• Mike

        I agree. We in the developed West have a sense of our selves and of our culture that is in many instances a source of trouble to say the least; we just assume that everyone wants to live the way we live (by we i mean the cultural elites, both “left” and “right”).

      • Except the homosexuals, right?

        • If you think I wrote anything that even remotely suggests this, you fail at reading comprehension forever.

          • The use of the term homophobia has a tendency to imply that. It was an invented term to begin with to destroy any debate or suggestion that homosexuality may be wrong.

            “Is it not clear that, throughout history, homosexual persons have truly been “the least of these”? ”

            Yep, it’s very much not clear- because the hated unplanned children, victims of the largest genocide in history, most certainly have pride of place on that one!

            Homosexuality is but a roaring mouse- a small minority of a minority that thinks it should be the majority, and will use anything in their power, including the law, to insure that they become the majority.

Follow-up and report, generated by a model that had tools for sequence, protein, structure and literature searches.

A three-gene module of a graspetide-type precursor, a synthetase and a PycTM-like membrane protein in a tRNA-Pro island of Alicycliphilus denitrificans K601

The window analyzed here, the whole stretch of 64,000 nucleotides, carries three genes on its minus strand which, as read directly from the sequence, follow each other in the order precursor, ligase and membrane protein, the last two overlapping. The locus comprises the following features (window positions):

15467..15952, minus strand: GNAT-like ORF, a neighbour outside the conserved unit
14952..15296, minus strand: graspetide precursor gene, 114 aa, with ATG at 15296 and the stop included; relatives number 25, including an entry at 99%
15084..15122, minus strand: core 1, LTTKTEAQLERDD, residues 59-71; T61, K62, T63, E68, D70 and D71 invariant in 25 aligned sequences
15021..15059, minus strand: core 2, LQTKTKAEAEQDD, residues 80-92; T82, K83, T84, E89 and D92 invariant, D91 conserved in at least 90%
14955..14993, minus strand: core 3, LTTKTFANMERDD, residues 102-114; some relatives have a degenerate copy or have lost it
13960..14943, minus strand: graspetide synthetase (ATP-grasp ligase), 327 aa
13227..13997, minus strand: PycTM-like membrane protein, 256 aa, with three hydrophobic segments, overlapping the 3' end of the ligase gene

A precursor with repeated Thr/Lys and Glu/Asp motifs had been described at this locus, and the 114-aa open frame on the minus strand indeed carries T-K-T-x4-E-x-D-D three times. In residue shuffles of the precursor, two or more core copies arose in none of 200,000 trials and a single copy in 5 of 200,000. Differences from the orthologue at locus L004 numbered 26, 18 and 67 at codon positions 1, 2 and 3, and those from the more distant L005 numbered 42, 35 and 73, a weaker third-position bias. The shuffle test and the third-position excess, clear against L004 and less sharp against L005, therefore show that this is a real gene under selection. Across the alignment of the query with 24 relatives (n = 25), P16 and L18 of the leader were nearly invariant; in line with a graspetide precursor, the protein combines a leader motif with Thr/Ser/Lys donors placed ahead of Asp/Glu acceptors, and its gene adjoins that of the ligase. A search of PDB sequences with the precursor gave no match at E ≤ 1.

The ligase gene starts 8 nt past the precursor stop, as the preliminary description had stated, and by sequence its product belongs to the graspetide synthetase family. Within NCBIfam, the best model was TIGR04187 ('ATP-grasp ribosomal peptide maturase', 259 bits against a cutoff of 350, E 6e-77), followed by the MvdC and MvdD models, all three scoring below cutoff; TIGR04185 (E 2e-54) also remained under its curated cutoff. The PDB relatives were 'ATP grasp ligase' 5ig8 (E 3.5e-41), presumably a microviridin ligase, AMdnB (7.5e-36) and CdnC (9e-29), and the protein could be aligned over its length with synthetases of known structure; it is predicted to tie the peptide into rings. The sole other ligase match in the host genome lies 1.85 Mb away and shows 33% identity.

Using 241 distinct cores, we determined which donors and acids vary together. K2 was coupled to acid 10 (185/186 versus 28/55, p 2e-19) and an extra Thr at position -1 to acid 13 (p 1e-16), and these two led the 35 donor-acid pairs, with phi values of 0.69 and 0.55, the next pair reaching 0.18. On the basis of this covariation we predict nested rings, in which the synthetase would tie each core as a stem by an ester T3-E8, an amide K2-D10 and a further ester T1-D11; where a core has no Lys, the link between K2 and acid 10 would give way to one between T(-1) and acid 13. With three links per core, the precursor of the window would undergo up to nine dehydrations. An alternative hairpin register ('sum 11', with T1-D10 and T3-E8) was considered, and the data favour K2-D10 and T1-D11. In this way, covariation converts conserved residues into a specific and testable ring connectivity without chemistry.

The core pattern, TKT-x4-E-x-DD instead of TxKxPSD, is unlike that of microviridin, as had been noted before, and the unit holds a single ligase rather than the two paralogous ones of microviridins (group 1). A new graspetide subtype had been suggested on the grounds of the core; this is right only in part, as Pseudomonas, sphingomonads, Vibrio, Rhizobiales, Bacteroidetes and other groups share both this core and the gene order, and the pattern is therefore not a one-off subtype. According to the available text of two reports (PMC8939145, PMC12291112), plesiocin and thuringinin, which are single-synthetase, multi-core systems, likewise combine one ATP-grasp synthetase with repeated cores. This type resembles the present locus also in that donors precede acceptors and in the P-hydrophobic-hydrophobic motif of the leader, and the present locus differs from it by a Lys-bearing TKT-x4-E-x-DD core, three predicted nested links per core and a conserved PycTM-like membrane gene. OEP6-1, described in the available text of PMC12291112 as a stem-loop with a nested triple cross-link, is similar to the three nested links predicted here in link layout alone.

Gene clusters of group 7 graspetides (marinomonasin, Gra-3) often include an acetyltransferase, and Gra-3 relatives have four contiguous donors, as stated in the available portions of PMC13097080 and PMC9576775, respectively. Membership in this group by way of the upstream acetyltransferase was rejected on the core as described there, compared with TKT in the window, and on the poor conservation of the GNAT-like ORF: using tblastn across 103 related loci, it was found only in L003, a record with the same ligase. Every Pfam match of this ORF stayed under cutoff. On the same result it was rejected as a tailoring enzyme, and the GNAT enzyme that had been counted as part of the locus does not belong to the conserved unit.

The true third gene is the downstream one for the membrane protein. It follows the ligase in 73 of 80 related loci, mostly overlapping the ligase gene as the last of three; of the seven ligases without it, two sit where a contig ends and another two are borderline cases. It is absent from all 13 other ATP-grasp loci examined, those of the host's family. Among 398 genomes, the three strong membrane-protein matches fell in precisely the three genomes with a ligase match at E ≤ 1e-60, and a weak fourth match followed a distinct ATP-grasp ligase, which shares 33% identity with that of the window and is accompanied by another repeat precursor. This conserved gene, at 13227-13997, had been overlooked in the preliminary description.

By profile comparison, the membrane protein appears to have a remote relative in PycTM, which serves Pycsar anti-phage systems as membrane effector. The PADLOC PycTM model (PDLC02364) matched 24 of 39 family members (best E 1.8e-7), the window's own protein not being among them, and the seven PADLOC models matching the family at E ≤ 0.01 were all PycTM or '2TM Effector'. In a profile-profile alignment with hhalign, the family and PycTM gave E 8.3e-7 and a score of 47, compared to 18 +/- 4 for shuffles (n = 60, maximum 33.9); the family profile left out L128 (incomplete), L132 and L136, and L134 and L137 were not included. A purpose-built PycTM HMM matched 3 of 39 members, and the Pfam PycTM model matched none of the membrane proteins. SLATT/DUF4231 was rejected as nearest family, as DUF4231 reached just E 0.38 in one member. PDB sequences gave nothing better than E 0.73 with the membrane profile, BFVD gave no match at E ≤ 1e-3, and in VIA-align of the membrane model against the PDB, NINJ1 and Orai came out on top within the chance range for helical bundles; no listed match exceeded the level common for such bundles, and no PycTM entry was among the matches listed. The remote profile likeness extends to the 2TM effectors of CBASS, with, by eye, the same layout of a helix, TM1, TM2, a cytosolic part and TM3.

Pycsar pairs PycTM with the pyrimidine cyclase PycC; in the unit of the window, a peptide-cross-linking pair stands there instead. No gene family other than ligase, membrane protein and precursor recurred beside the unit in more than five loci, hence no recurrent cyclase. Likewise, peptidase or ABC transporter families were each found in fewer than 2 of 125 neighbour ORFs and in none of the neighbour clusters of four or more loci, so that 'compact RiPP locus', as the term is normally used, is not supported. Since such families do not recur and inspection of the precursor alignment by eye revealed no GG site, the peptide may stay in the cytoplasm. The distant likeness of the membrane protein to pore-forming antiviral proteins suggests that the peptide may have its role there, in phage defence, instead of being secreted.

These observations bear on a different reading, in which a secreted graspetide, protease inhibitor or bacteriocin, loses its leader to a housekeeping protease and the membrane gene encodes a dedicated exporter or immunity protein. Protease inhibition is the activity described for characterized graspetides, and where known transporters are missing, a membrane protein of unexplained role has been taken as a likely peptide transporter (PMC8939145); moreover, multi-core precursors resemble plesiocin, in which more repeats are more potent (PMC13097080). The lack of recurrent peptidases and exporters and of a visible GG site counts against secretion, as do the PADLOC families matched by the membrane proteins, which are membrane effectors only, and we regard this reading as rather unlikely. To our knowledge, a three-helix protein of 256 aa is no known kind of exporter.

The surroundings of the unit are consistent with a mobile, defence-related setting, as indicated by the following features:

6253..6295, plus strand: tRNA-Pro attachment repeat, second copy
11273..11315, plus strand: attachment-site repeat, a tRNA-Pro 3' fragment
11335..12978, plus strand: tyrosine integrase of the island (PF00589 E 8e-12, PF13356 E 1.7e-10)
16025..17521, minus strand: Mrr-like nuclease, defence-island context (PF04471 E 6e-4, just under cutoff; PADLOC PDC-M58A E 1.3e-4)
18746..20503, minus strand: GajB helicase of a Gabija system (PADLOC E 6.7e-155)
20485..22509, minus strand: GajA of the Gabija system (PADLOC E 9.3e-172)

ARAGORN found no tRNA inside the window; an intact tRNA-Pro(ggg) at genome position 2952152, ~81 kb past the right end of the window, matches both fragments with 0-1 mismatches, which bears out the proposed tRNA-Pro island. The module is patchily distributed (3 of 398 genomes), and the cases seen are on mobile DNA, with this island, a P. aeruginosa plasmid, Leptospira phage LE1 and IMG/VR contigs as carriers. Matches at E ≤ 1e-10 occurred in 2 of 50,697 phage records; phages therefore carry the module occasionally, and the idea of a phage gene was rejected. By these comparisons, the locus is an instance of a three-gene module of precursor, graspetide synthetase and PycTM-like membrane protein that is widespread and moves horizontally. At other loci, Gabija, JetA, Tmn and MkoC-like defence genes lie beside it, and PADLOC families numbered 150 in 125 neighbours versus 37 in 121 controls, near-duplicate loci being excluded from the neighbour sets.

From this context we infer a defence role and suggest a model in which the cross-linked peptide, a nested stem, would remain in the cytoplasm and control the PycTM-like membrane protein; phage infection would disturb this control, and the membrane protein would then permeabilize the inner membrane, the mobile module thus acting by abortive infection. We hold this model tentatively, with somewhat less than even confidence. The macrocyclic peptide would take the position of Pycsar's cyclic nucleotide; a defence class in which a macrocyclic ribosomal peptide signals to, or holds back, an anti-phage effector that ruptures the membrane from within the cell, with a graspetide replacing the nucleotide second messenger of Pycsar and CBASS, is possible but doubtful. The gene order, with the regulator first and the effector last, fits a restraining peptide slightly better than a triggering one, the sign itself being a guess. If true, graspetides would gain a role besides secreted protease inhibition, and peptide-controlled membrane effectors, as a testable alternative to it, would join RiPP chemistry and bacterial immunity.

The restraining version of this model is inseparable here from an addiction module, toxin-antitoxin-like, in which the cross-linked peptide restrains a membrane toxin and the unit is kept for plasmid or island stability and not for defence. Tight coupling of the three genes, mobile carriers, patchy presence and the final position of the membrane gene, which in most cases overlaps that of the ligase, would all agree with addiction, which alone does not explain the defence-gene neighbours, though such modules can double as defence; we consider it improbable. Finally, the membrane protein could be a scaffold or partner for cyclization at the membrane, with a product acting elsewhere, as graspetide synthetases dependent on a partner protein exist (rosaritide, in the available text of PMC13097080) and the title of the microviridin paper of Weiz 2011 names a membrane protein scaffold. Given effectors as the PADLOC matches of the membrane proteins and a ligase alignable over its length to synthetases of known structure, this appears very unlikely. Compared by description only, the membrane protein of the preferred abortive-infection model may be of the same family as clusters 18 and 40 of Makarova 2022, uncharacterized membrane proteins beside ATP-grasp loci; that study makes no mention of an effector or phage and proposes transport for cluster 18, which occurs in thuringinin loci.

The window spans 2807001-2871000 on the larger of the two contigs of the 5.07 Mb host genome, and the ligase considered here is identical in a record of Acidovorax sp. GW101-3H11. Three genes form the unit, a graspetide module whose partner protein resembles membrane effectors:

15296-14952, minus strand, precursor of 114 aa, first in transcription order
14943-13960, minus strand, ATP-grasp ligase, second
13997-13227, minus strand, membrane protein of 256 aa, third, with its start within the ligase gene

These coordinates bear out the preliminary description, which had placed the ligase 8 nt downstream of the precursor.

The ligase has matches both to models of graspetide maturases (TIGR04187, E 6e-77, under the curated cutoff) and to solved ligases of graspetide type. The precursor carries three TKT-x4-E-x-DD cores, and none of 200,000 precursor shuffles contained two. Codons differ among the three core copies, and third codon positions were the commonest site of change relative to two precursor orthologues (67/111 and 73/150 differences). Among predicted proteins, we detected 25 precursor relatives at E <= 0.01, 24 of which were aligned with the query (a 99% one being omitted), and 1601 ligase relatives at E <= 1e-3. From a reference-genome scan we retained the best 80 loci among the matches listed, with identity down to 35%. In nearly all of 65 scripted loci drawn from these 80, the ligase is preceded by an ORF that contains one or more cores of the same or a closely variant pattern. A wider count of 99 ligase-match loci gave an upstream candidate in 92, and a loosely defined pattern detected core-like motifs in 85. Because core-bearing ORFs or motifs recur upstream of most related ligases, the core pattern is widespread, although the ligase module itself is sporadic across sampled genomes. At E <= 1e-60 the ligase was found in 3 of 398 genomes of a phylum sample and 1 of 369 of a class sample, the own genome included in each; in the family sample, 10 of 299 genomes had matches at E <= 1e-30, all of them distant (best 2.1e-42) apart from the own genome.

Perhaps we should stop our own genocide of the unborn first, before we go attacking other cultures for their sins? Let’s take the log out of our own eye before jumping on the splinter in Uganda’s.

    • oregon nurse

      “the latest cultural imperialist attack on their cultures.”

      Or it could be that they are abhored by the excesses in our culture, determined that tolerance only leads to those excesses, and have decided to take a different course. Substitute the word pedophile for homosexual and we are at the same place as Uganda. But I bet in 20 years we will see the same attitude shift toward acceptance of pedophilia as we have seen with homosexuality. All you have to do is start changing the age of consent and the psychology of ‘harm’ to children. We stopped defending the notion of harm to children deprived of a mother and a father in order to get no-fault divorce. Homosexual couples just took what heteros had already done one step further. Why do we think the notion of harm to a child engaged in a ‘loving’ sexual relationship with an adult won’t change as well? People who ignore the lessons of history are doomed to repeat them. Maybe Uganda is on the right track, heavy-handed but wanting to send an unambiguous message of no tolerance..

      • Mike